Early yesterday afternoon, a well meaning young girl messaged me asking whether or not we could provide a “certificate of authenticity” for any of the Moldavite on our website. A reasonable question if ever I have heard one. Yet, despite how reasonable it was, it was alas, naive. In truth, you only very rarely stumble across authenticity certificates in this game; and when you do, they are either obvious fakes, or the person who has printed it lacks the kind of credibility that would lend such a document backbone. In-fact, whenever somebody offers you such a document, your eyebrow should scurry so far up your forehead that it would be indistinguishable from your scalp.
This presents us with a bit of an issue; because whilst most of these authenticity certificates are questionable…much of the merchandise is too. Forcing you to navigate a subject that can be fairly esoteric at the best of times merely to avoid the wool being pulled over your eyes. I am therefore going to give you a few tips about how to separate genuine Moldavite from the Mickey Mouse stuff (If you want tips on how to identify other crystals and minerals, scroll down to previous articles where I have covered this at some length).
Firstly, it’s probably important to explain what Moldavite even is. That being said, I have written about this in the past, so have merely copied one of my blogs and posted it beneath this one. So, if you are new to this and badly require some context…consider scrolling down. Then cycle back to this section once you’re armed with the tools necessary to even understand it.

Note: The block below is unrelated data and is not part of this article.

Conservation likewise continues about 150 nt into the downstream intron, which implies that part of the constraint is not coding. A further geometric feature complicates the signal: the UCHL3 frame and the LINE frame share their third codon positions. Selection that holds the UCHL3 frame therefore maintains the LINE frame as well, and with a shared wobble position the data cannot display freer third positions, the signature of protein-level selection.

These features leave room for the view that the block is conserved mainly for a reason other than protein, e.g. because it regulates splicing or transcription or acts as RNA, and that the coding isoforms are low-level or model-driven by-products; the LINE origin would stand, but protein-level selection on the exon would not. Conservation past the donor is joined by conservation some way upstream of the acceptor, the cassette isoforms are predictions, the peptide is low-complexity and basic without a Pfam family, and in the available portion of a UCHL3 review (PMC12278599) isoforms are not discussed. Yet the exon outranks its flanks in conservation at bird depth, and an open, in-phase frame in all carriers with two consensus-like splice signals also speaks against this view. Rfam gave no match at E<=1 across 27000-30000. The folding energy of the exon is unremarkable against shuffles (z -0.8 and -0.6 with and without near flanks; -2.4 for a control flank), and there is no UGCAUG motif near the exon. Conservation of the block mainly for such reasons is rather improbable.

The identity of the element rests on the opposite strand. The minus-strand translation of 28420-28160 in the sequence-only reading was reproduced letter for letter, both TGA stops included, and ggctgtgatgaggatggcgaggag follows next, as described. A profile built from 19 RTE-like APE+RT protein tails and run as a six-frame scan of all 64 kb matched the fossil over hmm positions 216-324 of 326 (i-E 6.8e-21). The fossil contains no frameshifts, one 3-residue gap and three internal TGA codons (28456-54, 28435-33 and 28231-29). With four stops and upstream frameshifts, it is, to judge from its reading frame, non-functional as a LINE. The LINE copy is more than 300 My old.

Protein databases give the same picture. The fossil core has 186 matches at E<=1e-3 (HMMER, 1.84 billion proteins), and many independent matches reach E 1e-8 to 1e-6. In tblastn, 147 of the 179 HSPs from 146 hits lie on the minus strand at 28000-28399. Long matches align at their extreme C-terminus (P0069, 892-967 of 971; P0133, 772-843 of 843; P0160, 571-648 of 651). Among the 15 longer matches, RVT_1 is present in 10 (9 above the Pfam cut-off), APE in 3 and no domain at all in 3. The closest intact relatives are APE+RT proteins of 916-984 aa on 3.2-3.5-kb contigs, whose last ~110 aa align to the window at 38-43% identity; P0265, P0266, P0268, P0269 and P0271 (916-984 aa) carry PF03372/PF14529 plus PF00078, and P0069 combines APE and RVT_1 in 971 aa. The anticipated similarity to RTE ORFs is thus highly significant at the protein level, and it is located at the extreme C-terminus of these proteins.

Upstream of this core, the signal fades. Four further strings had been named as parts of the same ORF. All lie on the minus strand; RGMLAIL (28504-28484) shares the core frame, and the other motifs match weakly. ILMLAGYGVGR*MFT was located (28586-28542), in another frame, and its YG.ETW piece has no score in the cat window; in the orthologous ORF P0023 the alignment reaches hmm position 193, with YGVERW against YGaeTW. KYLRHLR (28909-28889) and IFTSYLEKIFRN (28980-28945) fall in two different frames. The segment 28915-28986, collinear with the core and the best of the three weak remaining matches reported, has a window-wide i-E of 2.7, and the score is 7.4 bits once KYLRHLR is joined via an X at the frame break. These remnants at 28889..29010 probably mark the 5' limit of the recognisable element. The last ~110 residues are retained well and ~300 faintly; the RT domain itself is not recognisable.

Is Moldavite Moist
I rarely get to use the word “moist” in a sentence; but now I have, I appreciate it as being without doubt the most unpleasant term in the English language! That being said, it is an essential visual to bear in mind when attempting to identify counterfeit Moldavite because this is a typical tell of man-made materials. If your Moldavite appears wet oroily, there’s a good chance you’re dealing with a fake. Synthetic Moldavites are frequently imitated by molten glass that has a distinct shine that is inconsistent with the genuine article.
Where Did You Buy Your Moldavite?
It should go without saying that you should purchase from respectable vendors, but because Moldavite is in short supply throughout the world, I acknowledge individuals’s desperation to get some. You aren’t going to know whether a supplier is genuine or not if you haven’t already purchased anything from them, especially since it might be one big Schrodingers Cat situation.
However, there are certain locations that you should avoid. One is Ebay for obvious reasons, and the other I’m not going to name-drop (in case the CCP throws a fit), but I’ll go as far as to say it ends in “Dish.” Etsy may also be a dangerous website, although this isn’t a blanket statement since there are certainly trustworthy vendors on Etsy. It’s all about being able to tell the difference between the truffles and the filth with your piggy nose.
It’s a good idea to start by looking at a seller’s feedback and asking them about their product. If they refuse to answer, it casts a shadow of doubt over the quality of their goods. Remember that not all people selling fake Moldavite are aware that it isn’t real. Many people were just taken in by the same scammers that would have attempted to defraud them; and as a result, they may seem to have plausible deniability. If a vendor doesn’t know where their items come from, it’s reasonable to assume they’re fakes since they only originate from one source (Czech Republic and Ukraine); therefore, if they don’t know that, I doubt their capacity to acquire genuine merchandise.